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Understanding the disease progression of abnormal hoof anatomy, Part 3
Solving the mathematical needs of a Grade IV laminitic foot.
Grade IV cases are the bad boys of laminitis. These cases can involve edema and separation of the laminar structures that surround the dorsal face of the distal phalanx (P3), with seromas that rupture through the coronary band dorsally (Figure 1), medially or laterally or penetrate the sole (solar prolapse). The final sequela is often fatal sinker syndrome with hoof capsule loss. Complications that I have seen (as if the aforementioned were not bad enough) are rupture of the distal interphalangeal (DIP) capsule, fatal emboli, P3 fractures, ankylosis of the DIP joint, gangrene and unusual infections within the hoof capsule such as botulism.
Figure 1: A typical coronary band rupture. Note the use of a reverse wedge tenotomy trailer rail shoe.
For the sake of simplicity, I divide Grade IV cases into two categories—the rotators (cranial rotation cases) and the sinkers (fatal sinker syndrome, or FSS).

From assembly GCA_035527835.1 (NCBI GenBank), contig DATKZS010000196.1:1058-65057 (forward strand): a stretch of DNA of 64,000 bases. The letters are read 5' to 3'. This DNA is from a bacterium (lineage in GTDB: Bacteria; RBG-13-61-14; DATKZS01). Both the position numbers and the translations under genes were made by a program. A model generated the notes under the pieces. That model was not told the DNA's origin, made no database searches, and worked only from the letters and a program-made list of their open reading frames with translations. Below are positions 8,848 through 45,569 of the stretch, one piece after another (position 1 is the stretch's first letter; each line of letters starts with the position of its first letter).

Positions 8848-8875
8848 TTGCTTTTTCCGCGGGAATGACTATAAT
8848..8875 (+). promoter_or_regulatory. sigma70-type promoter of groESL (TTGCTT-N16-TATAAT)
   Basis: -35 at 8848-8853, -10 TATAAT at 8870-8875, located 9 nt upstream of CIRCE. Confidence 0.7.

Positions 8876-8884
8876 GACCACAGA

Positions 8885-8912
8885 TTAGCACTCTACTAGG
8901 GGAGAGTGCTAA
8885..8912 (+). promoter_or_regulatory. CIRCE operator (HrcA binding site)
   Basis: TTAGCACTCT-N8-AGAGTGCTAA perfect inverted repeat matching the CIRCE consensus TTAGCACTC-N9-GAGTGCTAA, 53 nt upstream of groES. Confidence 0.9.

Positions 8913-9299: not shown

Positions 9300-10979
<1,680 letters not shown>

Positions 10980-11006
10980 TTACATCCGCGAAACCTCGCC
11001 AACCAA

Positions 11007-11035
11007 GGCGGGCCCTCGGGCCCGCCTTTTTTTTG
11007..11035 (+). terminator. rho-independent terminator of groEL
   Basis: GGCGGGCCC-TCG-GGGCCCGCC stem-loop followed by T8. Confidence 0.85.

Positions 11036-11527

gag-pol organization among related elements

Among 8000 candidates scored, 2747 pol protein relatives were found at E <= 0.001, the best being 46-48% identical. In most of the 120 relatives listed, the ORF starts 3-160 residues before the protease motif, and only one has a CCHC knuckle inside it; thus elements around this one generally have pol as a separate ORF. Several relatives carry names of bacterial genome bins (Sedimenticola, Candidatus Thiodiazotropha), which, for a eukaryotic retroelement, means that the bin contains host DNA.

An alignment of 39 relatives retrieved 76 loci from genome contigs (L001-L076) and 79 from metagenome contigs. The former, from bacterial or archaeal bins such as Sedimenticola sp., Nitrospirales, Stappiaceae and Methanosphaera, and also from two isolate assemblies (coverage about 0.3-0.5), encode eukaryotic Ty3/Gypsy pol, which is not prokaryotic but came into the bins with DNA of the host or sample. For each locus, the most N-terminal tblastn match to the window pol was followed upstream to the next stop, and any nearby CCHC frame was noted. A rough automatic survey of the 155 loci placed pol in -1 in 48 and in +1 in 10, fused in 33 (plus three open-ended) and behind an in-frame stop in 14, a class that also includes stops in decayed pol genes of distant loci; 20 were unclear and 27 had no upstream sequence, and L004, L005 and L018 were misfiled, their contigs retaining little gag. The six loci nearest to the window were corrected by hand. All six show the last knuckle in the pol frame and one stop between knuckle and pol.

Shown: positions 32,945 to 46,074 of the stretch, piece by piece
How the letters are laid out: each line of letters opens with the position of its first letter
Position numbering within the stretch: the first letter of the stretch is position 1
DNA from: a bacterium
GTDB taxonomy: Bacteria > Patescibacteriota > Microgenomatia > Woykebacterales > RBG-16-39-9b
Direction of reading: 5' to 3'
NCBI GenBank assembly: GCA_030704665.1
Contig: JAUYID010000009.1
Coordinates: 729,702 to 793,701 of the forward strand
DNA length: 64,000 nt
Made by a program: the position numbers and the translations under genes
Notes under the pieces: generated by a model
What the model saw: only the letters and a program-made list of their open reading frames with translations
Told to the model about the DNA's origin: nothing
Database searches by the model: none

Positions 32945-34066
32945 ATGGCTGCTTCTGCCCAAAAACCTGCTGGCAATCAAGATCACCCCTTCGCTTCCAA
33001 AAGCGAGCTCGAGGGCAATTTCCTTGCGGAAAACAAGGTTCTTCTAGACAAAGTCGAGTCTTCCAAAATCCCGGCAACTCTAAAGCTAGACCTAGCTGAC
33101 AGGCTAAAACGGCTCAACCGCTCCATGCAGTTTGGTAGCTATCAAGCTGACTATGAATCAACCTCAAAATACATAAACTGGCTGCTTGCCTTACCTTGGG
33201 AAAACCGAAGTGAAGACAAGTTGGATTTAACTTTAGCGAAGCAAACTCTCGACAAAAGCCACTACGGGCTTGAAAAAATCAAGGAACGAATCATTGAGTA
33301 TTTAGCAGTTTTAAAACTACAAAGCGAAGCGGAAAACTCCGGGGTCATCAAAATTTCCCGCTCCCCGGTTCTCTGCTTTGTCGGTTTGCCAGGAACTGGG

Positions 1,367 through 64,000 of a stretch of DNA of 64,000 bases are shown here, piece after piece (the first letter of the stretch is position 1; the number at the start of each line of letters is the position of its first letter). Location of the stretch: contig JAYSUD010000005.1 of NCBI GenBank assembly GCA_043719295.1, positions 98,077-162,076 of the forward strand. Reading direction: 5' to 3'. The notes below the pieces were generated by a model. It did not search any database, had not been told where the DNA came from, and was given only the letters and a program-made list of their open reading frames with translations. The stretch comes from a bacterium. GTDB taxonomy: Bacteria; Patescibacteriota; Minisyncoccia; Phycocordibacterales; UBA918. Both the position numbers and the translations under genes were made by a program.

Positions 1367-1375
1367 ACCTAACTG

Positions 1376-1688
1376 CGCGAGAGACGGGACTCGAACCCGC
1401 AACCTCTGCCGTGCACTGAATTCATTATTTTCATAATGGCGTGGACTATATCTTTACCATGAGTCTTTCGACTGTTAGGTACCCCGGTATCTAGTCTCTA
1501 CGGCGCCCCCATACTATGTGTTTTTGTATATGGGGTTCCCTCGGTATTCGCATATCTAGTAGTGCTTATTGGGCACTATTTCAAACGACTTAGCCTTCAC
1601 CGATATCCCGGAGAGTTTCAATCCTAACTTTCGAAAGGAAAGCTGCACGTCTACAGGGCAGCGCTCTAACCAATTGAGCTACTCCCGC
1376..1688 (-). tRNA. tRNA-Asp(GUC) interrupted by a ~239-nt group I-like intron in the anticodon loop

All horses with Grade IV laminitis are in extreme pain. They are recumbent and rarely stand unless asked to. I have seen these horses walk in on their hind legs, rather than place weight on their forefeet. I have also watched them walk out of their hoof capsules. Grade IV cases of the forefeet will always have a degree of laminitis in the hind feet as well, so be sure to radiograph all four feet when starting your work-up.
Cases of Grade IV laminitis of the hind feet (originating there first) are rarely bilateral and are often less complicated than forefoot cases, but they can also become euthanasia cases rapidly if not taken seriously—especially if the laminitis has a supporting limb etiology. (Remember to radiograph the forefeet as well.) Horses with a fractured hind leg or severe pain of any origin are candidates for supporting limb laminitis. I have also seen smooth wire fencing become a tourniquet when wrapped around the leg during a struggle in the fence line. When the wire is placed in such a way as to allow intermittent blood flow, laminitis can be a sequela (Figure 2 and Figure 3).